It’s not a stretch to say the Green New Deal (GND), unveiled with great fanfare, and to plenty of skepticism, as a congressional resolution earlier this month, has BU in its DNA.
The moonshot call for net-zero greenhouse gas emissions within 10 years is cosponsored by Congresswoman Alexandria Ocasio-Cortez (CAS’11) (D-N.Y.). Her alma mater is steeped in climate concern, confirmed by its own Climate Action Plan.
Ocasio-Cortez’s handiwork, cosponsored by Senator Edward Markey (D-Mass.), has experts saying that some planks aren’t doable in a decade—and that other parts might never be realistic. But it’s getting plaudits from one group here—BU student environmentalists.
“The Green New Deal is the policy that my generation and all of those to come after need right now to ensure a livable future,” says sophomore Owen Woodcock (CAS), a coordinator with the Sunrise Movement, a young people’s environmentalist group that has worked with Ocasio-Cortez on her resolution.
“It is the only plan at the national level of government that addresses the climate crisis at the time and scale that science and justice require,” says Woodcock, who is also secretary and interior minister for DivestBU, the campus campaign urging the University to cease fossil fuel investments.
What’s in it, and can we do it?
“Time and scale” explain both the enthusiasm of supporters and reservations of others about the GND, which calls on the United States to “ramp up renewable manufacturing and power production, retrofit every building in America, build the smart grid, overhaul transportation and agriculture, plant lots of trees, and restore our ecosystem to get to net-zero” emissions, according to a fact sheet released by Ocasio-Cortez.
The plan promises millions of new jobs resulting from these efforts, but it also goes beyond environmental matters to endorse progressives’ dream initiatives, including a federal jobs guarantee for Americans and for workers’ right to unionize, as well as “high-quality health care, housing, economic security, and clean air, clean water, healthy food, and nature to all.”
“A 10-year window to eliminate all [greenhouse gas] emissions is unrealistic,” says Cutler Cleveland, a College of Arts & Sciences professor of earth and environment. “The technologies to achieve this already exist to a large extent: electricity from wind and solar, electric vehicles, and net-zero vehicles. But the transformation of the electric grid, the wholesale elimination of the internal combustion engine, and the retrofit of the nation’s building stock is more than a 10-year project.”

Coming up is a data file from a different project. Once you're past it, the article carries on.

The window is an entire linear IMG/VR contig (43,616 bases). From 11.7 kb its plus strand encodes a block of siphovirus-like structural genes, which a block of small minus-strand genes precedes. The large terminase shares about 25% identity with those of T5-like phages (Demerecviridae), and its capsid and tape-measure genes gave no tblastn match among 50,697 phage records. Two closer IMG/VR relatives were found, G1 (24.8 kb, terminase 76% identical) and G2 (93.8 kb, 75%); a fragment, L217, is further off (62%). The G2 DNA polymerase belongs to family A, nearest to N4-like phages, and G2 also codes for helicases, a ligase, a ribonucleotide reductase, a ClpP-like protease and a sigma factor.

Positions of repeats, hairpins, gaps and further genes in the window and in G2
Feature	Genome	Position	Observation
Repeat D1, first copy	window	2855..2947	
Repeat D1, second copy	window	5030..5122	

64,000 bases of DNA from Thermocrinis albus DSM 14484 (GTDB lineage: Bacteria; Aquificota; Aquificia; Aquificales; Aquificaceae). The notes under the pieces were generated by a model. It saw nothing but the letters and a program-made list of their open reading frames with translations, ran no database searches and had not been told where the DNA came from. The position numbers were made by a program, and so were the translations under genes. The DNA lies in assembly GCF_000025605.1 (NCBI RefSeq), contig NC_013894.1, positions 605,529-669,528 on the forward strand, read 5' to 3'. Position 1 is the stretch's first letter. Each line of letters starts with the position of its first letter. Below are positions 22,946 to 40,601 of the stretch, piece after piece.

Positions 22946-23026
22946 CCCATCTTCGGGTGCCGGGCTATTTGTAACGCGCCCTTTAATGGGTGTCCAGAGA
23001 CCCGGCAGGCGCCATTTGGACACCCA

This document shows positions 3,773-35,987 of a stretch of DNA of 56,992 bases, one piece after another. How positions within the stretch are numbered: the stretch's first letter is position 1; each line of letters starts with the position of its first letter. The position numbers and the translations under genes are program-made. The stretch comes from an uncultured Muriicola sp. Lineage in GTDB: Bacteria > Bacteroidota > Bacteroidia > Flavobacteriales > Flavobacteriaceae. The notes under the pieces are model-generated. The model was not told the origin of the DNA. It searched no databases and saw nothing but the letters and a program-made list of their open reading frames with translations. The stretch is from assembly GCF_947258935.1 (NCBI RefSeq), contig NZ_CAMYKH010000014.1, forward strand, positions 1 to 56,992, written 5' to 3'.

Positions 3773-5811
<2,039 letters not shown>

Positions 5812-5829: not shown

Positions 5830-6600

Among other shortcomings, Cleveland says, is ambiguity about what qualifies as “green” energy. Massachusetts state standards say nuclear power is green—the GND doesn’t mention that option, and Ocasio-Cortez’s fact sheet (since amended for errors) calls for eliminating nuclear plants. Also, the plan is ambiguous about carbon-capturing technologies, he says, and suggests a “politically and economically unwise” emphasis on federal financing, without private sector partnerships.
The Green New Deal’s best features
Even with these reservations, Cleveland applauds the GND’s call for net-zero carbon emissions, saying it aligns with a United Nations target of 2050 for that goal and is “built on a solid foundation: the transition to clean electricity and fuels, coupled with a dramatic improvement in the efficiency of every end use of energy.”
The GND was intended as a resolution to begin a conversation, not as formal legislation; an Ocasio-Cortez aide says its planks would become individual bills for Congress to consider. That means “we will need to see a lot more political agreement before anything changes,” says senior Grace Li (COM, CAS), environmental affairs director for BU Student Government.
But nothing is that simple in politics these days. Just days after the GND was unveiled, Senate Majority Leader Mitch McConnell (R-Ky.) promised a quick vote on the plan—likely as a cudgel to wield against supporting Democrats, political observers suggest.
Li says she’s “not confident that we currently have enough political agreement” on achieving all of the goals in a decade. “I’d like to see a better explanation of how these goals will be accomplished.”
Still, she says, “what makes the Green New Deal so exciting is that it factors in the concept of environmental justice. Oftentimes, those at the margins of society are those who are most affected by the symptoms of environmental issues, like pollution, land and water mismanagement, and climate change.…Moving to a carbon-neutral society will in part reduce inequality that is perpetuated by environmental factors.”
Student supporters believe the social justice planks have bearing on the environment. “Indigenous voices are so often marginalized, and quite frankly, we have a lot to learn from indigenous cultures about how to respect each other and the Earth,” says senior Masha Vernik (CAS), another DivestBU leader.
Woodcock considers the jobs guarantee essential to create the massive workforce that will be needed to build or retrofit a carbon-neutral economy, making the GND “a realistic option,” he says.
Cleveland agrees that climate change, from flooding to superhot weather, disproportionately harms disadvantaged people.
Vernik, who can cite the Green New Deal resolution by section—e.g., sustainable agriculture in Section G, indigenous people’s land rights in Section M—says that the whole cannot stand without all of its parts: “Decarbonizing the economy, guaranteeing jobs, and prioritizing frontline communities are the core tenets…and any final legislation without them cannot bear the name of the Green New Deal.”